If you and your co-parent are both well, there is nothing to prevent the normal arrangements largely continuing, albeit with added precautions.
The global pandemic should not be used as an excuse to not comply with the Court Order, nor should it be an opportunity to wind up your co-parent. You should assess where the children will be more secure and safe. You should consider the safety and security not just in your household but also the other parent's household.
Are we still in term time or, do I treat the child arrangements order as extended holidays?
The Government has taken the necessary measure to prevent the spread of this deadly disease and as a consequence all schools have been shut in aim to reduce such spread.
Unless you and your co-parent can agree to alter the arrangements, you should adhere to the Order and the situation must still be treated as term time and not an extended holiday. This makes the arrangement easier for everyone to follow and ensures that children are complying with the home schooling and tasks set by their schools.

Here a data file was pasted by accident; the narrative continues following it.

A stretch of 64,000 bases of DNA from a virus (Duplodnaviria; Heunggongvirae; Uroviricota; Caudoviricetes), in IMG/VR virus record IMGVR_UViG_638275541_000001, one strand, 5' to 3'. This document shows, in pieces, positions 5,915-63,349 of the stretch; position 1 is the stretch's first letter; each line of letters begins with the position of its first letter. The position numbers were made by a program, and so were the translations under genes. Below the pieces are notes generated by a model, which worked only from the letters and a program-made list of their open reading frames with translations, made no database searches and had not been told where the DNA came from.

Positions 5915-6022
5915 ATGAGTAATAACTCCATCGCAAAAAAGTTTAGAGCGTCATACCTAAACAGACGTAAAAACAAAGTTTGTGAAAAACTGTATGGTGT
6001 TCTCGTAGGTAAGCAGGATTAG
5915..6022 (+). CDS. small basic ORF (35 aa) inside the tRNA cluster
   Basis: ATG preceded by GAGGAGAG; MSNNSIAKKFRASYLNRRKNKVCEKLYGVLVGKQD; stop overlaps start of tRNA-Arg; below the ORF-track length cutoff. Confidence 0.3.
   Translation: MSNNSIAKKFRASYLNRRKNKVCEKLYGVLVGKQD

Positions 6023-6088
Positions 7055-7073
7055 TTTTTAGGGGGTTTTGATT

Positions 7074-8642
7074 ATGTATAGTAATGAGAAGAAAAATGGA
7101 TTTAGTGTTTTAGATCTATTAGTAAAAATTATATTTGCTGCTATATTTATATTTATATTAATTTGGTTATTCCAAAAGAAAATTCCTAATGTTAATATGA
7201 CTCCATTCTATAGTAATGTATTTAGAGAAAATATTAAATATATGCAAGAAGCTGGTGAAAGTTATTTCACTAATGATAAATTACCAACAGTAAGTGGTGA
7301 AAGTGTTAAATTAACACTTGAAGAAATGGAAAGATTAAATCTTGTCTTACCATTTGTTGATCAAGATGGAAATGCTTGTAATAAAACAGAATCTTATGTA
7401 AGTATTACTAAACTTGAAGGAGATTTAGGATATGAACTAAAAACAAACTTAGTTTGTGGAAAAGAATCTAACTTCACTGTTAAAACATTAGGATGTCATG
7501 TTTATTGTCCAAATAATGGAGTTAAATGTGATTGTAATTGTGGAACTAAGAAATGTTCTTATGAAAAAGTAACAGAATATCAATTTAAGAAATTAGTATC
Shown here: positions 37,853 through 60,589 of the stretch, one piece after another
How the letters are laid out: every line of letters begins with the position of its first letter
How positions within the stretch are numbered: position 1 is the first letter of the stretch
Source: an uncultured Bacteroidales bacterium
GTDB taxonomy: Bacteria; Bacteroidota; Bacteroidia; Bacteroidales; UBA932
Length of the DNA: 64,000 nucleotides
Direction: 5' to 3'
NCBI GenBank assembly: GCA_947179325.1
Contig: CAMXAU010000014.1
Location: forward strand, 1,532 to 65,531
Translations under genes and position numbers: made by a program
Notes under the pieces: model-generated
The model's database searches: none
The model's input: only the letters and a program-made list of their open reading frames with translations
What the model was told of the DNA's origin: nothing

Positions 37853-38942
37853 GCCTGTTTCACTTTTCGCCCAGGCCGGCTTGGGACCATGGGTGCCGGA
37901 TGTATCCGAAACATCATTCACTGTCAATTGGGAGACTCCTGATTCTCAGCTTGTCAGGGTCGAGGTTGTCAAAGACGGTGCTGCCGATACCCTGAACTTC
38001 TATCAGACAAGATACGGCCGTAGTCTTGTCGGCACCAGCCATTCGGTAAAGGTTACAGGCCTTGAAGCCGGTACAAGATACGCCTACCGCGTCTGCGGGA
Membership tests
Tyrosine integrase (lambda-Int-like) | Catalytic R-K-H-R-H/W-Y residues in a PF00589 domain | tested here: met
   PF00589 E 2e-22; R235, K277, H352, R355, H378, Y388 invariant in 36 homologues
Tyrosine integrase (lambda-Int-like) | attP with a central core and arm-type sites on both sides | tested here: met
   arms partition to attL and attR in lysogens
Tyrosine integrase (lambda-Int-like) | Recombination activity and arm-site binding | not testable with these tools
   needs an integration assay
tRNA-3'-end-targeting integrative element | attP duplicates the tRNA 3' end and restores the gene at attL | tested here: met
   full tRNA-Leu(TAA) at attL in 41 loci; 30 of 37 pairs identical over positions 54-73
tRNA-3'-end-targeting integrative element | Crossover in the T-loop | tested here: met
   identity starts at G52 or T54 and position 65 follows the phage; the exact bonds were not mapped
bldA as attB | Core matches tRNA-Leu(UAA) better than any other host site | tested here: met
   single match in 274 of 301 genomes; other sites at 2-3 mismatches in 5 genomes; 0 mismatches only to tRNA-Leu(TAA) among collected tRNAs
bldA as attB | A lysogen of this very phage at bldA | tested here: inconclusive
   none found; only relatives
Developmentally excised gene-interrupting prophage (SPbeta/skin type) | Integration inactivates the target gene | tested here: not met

Can I change the child arrangements order?
If you and your co-parent can agree that the Court Order is not working at this particular time, it is encouraged that you exercise your parental responsibility and temporarily vary the Order. In accordance with the President's guidance, it would be sensible for you both to record such an agreement in a note, email or text message sent to each other.
If we change the child arrangements order will this mean that the other parent can increase their contact time in the future?
In these unprecedented times, it is natural to worry and be concerned about handing your children over to the other parent as you may not want to set a precedent for future contact to be disrupted. In the event that you are unwell and need to self-isolate but, you are the main resident parent and you know in yourself that you are unable to provide adequate care to your child, you will not be penalised for the temporary adjustment to the child arrangements order. Once this pandemic passes the original Court Order should be reverted to.